Pieces of gear that annoy me don’t tend to stick around very long. 🙂 I’ll say the Hologram Electronics Microcosm. I don’t think it’s very flexible, but what it spits out is absolute gold. It feels kind of scared of sounding “bad”, and I frequently find myself wishing I had access to the sounds “between” the settings that it offers. But at the same time, it’s my go-to for spicing up a track, and creating something unexpected. I will say, I think if I didn’t have experience with modular (meaning, having so much experience making bad sounds), I would be totally content with it. But with that experience, it often feels like a box of nice Clouds presets.

9. Most surprising tip/trick/technique that you’ve discovered about a bit of kit?

I mentioned the Machinedrum feeling a little primitive, but I’ve figured out a couple tricks here and there that get me where I need to go. One is that I’ve been using the “swing” to make my beats more interesting. The MD doesn’t have microtiming, but you can add swing per step (even on individual tracks), and adjust the amount of swing. I’ll often have fun with punching in a standard beat, adding swing to a couple steps, and then setting the “swing” amount to something extreme like 75%. This way, it might imply a 32nd note in some places, without adjusting the overall sequence timing to be 2x. It’s something that you could easily do with microtiming on something like the Digitakt, but it needs this fun little workaround on something older like the MD.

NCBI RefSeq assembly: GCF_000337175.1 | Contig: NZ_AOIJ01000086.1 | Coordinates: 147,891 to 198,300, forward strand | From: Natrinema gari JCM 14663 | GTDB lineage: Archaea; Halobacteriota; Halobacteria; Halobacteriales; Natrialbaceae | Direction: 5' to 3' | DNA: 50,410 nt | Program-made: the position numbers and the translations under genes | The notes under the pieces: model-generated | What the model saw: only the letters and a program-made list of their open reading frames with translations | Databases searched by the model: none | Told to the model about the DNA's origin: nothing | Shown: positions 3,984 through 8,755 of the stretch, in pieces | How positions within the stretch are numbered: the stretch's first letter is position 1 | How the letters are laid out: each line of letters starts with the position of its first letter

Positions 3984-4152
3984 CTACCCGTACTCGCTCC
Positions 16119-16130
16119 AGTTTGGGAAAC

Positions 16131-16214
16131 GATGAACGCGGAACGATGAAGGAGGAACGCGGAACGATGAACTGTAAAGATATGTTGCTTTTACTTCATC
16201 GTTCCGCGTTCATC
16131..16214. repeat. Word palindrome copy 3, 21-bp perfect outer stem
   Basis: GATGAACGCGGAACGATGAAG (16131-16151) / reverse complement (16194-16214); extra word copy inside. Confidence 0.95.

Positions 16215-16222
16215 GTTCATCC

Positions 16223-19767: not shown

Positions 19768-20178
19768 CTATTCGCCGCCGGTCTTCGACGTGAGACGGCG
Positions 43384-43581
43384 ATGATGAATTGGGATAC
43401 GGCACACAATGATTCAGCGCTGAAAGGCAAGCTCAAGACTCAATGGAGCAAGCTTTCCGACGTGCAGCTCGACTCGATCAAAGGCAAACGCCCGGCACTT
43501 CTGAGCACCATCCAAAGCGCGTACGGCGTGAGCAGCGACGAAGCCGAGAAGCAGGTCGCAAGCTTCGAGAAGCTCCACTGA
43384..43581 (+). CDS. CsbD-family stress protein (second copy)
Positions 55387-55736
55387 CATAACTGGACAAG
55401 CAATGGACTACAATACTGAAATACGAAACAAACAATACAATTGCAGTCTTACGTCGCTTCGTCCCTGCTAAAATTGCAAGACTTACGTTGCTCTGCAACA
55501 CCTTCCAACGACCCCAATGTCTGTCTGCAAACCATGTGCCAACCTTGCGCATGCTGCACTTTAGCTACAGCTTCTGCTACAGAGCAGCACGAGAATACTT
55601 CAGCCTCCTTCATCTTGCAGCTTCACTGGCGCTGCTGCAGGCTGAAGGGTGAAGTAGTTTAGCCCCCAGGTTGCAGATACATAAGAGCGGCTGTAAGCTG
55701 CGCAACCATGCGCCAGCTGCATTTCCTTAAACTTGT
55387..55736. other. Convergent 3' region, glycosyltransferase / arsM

Machinedrum

Artist name

Aqeel Aadam

Genre

Some kind of downtempo, cinematic ambient meshed with hip-hop style beats.

Selfie

“Hey, can you take a picture of me?” in the middle of writing this.

Aqeel Philips in the middle of writing this interview

Where are you from?

Outside of Philadelphia, PA (which is where I currently live too!)

How did you get into music?

I started by teaching myself guitar and eventually started making sample-based beats with Ableton in high school. I wanted to trend more towards “composing” than “producing”, so I caught the hardware bug once I realized it could be like commanding your own little orchestra.

What still drives you to make music?

From a musical perspective, I don’t think I can honestly claim that it’s therapeutic or anything like that, but creating something is an activity that I genuinely very deeply enjoy (I suppose this is some form of therapy…). I like creating the music that I want to hear and feel like the world might enjoy. There’s also a sense of pride in creating something that feels very gratifying.